So, things are a little different now you’ve had a baby. Update your relationship priorities and you’ll get back on track
You met Mr Right. You fell in love and found your relationship groove. But, once you have a baby, stress levels soar, energy levels dip, grudges form (why does he never hear that 2am cry?) and tempers flare. A couple’s first year as parents presents the biggest threat a relationship will ever face, according to research.
But there are positives, too. ‘Your love for your baby is an extension of your love for each other,’ says Christine Northam, a counsellor for Relate. ‘If you adapt, the experience can deepen your relationship.’
Coping with the practical
Remember those days when the fridge was empty except for a mouldy jar of pesto, so you went out to eat? And when the most domestic planning you did was decide who’d buy the wine on their way home?
Now it’s all about who’ll pick up nappies and whether you’ve paid the childminder. Starting a family gives you a new job on top of everything you already do. ‘This takes organisation, which is fine – but not always fun,’ says Christine. ‘Don’t let it dominate every moment you spend with your partner. Instead, find 20 minutes once a week to sit down and work out practicalities.’
'Remember, you're on the same team'
Working as a team
Having children unites you, giving you a shared goal – and you need each other. During the first few months, looking after a baby is a two-man job. ‘As parents, you’re on the same team – your objective is to meet the needs and happiness of your children,’ says Dr Fin Williams, a psychologist and parenting expert. ‘But, while your lives are fused, this can be a strain.’
Having children unites you, giving you a shared goal – and you need each other
Make sure you play to your team strengths. ‘If he deals with sleep deprivation better than you, he can do the night feed,’ says Fin. ‘If you’re more patient about squashed banana coating the walls, you clear up after supper.’ And remember, there are two of you in the team,’ she says. ‘No one needs to be a hero or a martyr.’
Revive your romance
Once upon a time, you could fly off for a long weekend or catch a late film without a second thought. And, of course, there were the lazy Saturday mornings (and great sex!) Now even a trip to the supermarket takes meticulous planning. As for spontaneity in the bedroom, the only unpredictable thing is whether you’ll manage to have sex before your baby starts crying.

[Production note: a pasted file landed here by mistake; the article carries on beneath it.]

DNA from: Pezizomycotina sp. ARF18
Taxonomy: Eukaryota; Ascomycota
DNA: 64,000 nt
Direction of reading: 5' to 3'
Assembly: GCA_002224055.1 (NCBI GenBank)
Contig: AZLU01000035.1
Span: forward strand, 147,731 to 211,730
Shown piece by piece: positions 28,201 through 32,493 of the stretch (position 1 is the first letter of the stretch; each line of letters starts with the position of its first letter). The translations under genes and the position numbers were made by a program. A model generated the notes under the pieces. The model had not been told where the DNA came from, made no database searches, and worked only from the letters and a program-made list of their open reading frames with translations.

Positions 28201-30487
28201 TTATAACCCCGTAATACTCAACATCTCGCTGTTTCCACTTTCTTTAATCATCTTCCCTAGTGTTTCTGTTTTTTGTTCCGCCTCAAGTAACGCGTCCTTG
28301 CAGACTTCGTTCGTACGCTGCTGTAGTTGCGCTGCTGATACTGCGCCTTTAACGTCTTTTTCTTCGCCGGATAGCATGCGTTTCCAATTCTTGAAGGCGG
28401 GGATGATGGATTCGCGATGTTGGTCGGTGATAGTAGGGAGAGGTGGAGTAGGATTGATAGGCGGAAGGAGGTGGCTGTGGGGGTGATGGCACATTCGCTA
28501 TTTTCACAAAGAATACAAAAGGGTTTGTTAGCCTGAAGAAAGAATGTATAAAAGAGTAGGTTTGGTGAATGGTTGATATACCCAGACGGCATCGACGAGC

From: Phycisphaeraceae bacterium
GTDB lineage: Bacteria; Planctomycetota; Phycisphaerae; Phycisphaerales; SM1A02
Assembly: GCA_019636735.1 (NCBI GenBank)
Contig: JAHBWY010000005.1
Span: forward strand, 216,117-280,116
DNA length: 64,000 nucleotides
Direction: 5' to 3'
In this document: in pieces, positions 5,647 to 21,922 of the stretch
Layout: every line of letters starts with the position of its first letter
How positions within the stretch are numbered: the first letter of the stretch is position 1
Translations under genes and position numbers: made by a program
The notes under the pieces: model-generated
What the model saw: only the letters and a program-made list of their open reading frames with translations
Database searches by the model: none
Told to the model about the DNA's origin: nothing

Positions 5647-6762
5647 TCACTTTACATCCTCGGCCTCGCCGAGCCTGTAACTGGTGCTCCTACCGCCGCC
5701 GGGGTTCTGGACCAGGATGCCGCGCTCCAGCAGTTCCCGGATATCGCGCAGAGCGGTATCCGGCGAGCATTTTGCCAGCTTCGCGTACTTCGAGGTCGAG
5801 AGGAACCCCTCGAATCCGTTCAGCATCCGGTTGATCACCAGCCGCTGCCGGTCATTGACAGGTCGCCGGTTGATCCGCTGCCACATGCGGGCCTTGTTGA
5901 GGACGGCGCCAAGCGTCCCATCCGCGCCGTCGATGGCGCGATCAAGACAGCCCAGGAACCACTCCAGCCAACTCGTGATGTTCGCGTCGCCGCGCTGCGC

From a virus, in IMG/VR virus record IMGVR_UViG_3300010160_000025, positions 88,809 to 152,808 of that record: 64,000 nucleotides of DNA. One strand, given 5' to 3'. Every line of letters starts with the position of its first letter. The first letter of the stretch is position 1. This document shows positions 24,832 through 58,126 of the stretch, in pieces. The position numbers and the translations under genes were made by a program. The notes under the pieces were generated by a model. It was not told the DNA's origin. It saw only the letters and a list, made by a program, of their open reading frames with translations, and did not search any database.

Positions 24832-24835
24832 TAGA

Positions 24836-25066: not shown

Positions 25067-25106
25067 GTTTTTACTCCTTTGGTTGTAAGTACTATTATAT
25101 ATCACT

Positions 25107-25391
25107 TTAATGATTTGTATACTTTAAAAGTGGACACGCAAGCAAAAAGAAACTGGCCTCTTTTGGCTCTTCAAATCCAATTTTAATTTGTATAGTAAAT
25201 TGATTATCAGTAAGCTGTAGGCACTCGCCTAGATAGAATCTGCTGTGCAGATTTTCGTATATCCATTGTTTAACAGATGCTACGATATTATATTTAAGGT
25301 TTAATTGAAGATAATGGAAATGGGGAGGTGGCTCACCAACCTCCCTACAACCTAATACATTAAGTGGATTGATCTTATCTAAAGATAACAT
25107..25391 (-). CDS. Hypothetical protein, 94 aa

‘It’s often not spontaneity we miss when we become parents, it’s lack of responsibility,’ says Dr Petra Boynton, a lecturer in sex and relationships. Although you can’t shrug off the responsibility of being parents, you can find ways to spend time together to make sex more likely. ‘Plan a grown-up evening – get a takeaway or cook a meal – and see where it leads,’ says Petra. ‘Don’t put pressure on yourselves to have sex, but keep it in the back of your mind. If you don’t see it as a must, it’ll be more likely to happen.’
‘Plan a grown-up evening – get a takeaway or cook a meal'
With hours of unbroken sleep and the luxury of time to yourself, you previously let your partner’s little foibles pass and rarely unleashed your tempers. But when you’ve been up every two hours in the night, you’ve got baby vomit on your favourite shirt and now your other half has driven off with the buggy in the boot, er, hello, short fuse.
So, work out a plan for your regular stormy times. This might be mornings when everyone’s rushing off to work or nursery. Or it could be the weekend wobble, when you have to adjust to being together after a week largely apart. ‘Decide in advance how to improve these times and who should do what to minimise stress, so you both know what’s expected of you,’ says Christina. ‘When you do disagree, rather than shout, voice your feelings calmly – don’t accuse but say how situations make you feel.’
Finding new love
Until you have children, your relationship defines your experience of love, but now there’s the excitement of having created this little person together. Becoming parents gives you joint membership to a secret club – you couldn’t have known just how much you would love your child until she arrived.
Your partnership will deepen because of it, but only if you continue to make the effort. ‘Make each other a priority sometimes,’ says Christine. ‘Invest in one another. Realise that you’re a couple, as well as parents, or you’ll find yourself strangers to one another in years to come.’ So, do simple things like making a morning cup of tea for each other – they’ll remind you what made you fall in love.
How did you update your relationship to keep it strong when you became parents? Let us know in the comments box below.